Ms. Magazine
MS.CELLANEOUS
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-Word: Bi
-Women to Watch
Diary of a Slam Poet
National Poetry Slam champion and outspoken feminist shares a year of her life on the road. By Alix Olson
AD SAVVY
In these two articles, we explore some of the ways ads affect us.

Hooked on Advertising
Cultural critic Jean Kilbourne takes on ads offers new insight into the not-so-obvious messages lurking behind the luster. By Clea Simon

Consuming Passions
Today's advertising execs and their big- business clients are betting that consumers will buy products made by companies that support social causes. Are the ads just talk, or is there substance behind the slogans? By Dan Bischoff

Book Reviews
On the Ms. bookshelf
Saturday's Child by Robin Morgan
The Crimson Edge: Older Women Writing (Volume Two) by Sondra Zeidenstein
Gun Women by Mary Zeiss Stange and Carol K. Oyster

Her Way by Paula Kamen
Feminism is for Everybody by bell hooks
Black, White and Jewish by Rebecca Walker
Prodigal Summer by Barbara Kingsolver

EDITOR'S PAGE
by Marcia Ann Gillespie

YOUR HEALTH:
-The Latest on Tamoxifen
-Healthnotes

NEWS:
-In Poland, Feminism Is the News
-The Right's Stealth Tactics
-Gloria Steinem's Wedding Day
- Newsmaker: Aloisea Inyumba
- What Will Mexico's New Government Mean for Women?
- Opinion: Blaming the Messenger
- Clippings

UPPITY WOMEN:
Elouise Cobell Takes on the Feds

FIRST PERSON:
Aunt Jemima in the Mirror

TECHNO.FEM:
What's a Hacktivist?

SHE SAYS:
The Body Shop's Anita Roddick

ARTS:
Shirin Neshat Sees Beyond the Veil

COLUMNS
by Daisy Hernandez, Patricia Smith, and Gloria Steinem

NO COMMENT

SEX AND POWER:
Is the feminist movement stuck in mid-revolution? According to this well-known lawyer and activist the answer is yes. Now it's time to move on and harness our power.

 
 
 
 
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"The truth is that there's no way not to be influenced by advertising," asserts Kilbourne, whose lectures have been documented in several films, most notably the three Killing Us Softly documentaries, the first two made in 1979 and 1987 by Cambridge Documentary Films and the most recent made in 2000 by the Media Education Foundation. And in 1999, after years of rejection letters from publishers afraid of printing criticism of the advertising industry, Kilbourne published the book Deadly Persuasion (Simon & Schuster), which was rereleased by the same publisher this November with the new name Can't Buy My Love: How Advertising Changes the Way We Think and Feel. With the book and the new film, Kilbourne is now reaching out beyond her previous audience of primarily college students to bring her message to the masses. Broadening her audience is imperative if we're going to counter the negative impact of advertising says Susan Faludi, author of the the feminist classic Backlash. "Kilbourne's work is pioneering and crucial to the dialogue of one of the most underexplored yet most powerful realms of American culture," comments Faludi.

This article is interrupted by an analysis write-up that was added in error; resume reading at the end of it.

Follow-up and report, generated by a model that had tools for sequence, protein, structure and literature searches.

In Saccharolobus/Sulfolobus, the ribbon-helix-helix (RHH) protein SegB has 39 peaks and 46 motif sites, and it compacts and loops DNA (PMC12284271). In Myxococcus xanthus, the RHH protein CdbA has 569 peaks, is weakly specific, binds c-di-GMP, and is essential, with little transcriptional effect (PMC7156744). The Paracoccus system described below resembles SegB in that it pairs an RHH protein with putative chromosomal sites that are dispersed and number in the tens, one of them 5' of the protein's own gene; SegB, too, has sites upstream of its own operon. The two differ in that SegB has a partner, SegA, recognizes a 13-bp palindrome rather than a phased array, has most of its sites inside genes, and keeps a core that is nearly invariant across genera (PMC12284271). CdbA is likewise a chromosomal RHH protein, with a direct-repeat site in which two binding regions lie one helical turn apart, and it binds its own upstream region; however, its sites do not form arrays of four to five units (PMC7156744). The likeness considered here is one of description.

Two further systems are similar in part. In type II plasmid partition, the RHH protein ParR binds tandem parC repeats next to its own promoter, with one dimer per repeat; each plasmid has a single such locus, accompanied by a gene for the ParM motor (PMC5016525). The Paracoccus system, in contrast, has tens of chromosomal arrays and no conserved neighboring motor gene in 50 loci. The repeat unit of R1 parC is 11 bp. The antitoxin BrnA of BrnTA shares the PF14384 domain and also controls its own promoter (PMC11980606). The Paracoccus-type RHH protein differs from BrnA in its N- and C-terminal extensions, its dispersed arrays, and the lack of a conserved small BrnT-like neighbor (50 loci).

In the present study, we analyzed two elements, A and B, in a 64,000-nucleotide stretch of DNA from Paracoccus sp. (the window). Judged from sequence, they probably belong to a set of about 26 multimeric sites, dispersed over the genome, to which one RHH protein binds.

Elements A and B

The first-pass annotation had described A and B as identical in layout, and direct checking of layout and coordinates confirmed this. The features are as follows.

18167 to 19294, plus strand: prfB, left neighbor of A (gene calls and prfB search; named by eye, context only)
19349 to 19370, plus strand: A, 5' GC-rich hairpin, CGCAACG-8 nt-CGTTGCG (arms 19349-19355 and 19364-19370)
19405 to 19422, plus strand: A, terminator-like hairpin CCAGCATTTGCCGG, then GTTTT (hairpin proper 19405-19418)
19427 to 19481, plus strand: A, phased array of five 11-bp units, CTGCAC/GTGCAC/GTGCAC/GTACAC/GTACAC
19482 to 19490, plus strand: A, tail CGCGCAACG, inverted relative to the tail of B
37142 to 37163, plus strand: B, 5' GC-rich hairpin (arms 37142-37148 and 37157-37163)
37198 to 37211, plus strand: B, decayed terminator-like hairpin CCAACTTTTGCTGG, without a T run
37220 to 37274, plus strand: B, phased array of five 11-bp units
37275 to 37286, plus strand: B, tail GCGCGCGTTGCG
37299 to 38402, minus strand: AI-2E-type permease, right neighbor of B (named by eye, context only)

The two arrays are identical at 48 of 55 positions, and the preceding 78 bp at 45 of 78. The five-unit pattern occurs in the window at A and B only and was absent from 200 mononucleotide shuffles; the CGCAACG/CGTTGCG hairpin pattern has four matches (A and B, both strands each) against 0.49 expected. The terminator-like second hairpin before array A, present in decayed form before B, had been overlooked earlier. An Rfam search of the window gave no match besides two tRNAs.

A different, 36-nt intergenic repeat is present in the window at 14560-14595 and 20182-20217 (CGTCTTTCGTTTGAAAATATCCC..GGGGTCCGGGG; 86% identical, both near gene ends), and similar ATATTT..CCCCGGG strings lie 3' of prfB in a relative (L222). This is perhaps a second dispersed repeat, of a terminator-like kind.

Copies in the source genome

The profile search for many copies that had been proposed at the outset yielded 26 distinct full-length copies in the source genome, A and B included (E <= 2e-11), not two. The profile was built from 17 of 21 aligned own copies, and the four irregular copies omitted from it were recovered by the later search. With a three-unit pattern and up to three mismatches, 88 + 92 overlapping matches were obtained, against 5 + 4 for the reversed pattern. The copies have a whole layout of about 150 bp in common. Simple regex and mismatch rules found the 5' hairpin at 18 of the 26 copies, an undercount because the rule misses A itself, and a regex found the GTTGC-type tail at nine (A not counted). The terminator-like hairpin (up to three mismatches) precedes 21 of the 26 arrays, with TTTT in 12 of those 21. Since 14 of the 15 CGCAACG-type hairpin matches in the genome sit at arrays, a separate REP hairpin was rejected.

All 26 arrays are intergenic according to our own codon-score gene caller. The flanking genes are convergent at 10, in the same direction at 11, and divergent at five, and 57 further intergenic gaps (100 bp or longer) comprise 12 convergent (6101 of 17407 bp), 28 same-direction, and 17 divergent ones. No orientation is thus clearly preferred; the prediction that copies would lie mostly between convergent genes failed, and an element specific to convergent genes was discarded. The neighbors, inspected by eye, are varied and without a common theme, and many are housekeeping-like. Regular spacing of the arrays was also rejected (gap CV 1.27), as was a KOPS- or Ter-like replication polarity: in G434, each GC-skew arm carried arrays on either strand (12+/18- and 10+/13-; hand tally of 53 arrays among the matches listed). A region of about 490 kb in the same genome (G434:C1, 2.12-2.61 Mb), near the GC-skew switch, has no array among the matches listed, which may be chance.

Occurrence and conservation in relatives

GLAMOURIZING VIOLENCE
Ad after ad implies that girls and women don't really mean "no" when they say it, that women are only teasing when they resist men's advances. This perfume ad, running in several teen magazines, features a very young woman, with eyes blackened by makeup or perhaps something else, and the copy, "Apply generously to your neck so he can smell the scent as you shake your head 'no.'" In other words, he'll understand that you don't really mean it and he can respond to the scent like any other animal.
-Jean Kilbourne
 
Kilbourne and I leaf through a fat issue of Vogue, paying particular attention to the ads, and talk about advertising and addictions. We come across an ad proclaiming "Strength isn't always a shout." The woman in the picture is beautifully made up, but her mouth is closed. "That's the message women get all the time, you know, be strong but don't speak up too much, don't be too loud. Don't." And then there's food-advertising encourages women to substitute eating for love, Kilbourne maintains, even while showing us images of impossibly thin women. "You eat partly to numb the pain you feel because you're in a miserable relationship," she says, pointing to a chocolate ad in which a woman appears to float into a romantic fantasy with just one bite. "But it also becomes the substitute for a relationship. There's tremendous cynicism in the culture about relationships," she says. Many marriages fail. She herself is divorced. "So it's very seductive to think that the things in our lives will be permanent. The advertisers have played upon that. But what's new is that it's not the case anymore that if you buy the car, you get the woman. It's if you buy the car, you don't need the woman." CONTINUE>> 
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